Let's say I lived in Maryland in 1740 and wanted to buy a new wagon wheel from the local store. How could I pay for it?
Since tobacco served as money, I could offer the merchant a certain weight of tobacco, say 100 pounds, in exchange for the wheel. The merchant might not be too comfortable with this, since he knows that I might try to hide some "bad" tobacco with high quality tobacco. Even if I brought the bulk tobacco with me (as opposed to leaving it in the warehouse), the merchant still might not be able to determine its worth.
The Maryland Tobacco Inspection Act of 1747 changed all of that. Now, all tobacco had to be inspected by colonial inspectors. Once the tobacco was inspected, tobacco "notes" were issued that certified the quality. Whoever held these tobacco notes owned the tobacco. Thus, I could pay the merchant 100 pounds of tobacco by simply signing over the notes to him. That way, he could go to the warehouse with the notes in hand and claim the tobacco as his.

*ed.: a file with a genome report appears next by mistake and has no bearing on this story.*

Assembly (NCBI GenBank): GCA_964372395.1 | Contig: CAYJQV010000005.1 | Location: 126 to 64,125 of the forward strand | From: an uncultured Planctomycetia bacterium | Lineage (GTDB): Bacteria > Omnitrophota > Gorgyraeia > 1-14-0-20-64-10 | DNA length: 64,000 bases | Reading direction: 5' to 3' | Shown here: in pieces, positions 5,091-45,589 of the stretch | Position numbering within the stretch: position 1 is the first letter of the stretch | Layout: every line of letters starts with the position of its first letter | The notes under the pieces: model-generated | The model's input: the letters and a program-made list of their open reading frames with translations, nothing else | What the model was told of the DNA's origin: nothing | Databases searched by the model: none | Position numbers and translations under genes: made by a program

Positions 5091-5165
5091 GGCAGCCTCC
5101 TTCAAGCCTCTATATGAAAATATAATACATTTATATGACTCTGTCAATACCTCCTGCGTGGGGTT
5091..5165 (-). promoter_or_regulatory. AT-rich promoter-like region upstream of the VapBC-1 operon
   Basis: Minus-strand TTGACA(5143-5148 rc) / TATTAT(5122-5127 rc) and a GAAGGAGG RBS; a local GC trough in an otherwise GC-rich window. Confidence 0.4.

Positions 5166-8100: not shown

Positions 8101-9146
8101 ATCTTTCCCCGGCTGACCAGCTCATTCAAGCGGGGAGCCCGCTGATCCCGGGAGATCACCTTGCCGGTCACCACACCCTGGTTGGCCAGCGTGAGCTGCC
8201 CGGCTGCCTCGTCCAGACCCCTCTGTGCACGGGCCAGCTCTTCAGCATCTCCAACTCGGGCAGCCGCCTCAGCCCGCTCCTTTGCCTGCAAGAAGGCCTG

There is another way that I could pay for the wagon wheel with tobacco. I could give the merchant an I.O.U. that promised to pay him 100 pounds of tobacco in the future, when my crop came in. Before the Inspection Act, the merchant would be less willing to accept this I.O.U., since he would not be sure of the quality of tobacco. After the Inspection Act, the I.O.U. could promise to pay in "certified" tobacco.
Paper tobacco notes more easily functioned as money because bulk tobacco
was hard to transport and the quality of tobacco was assured.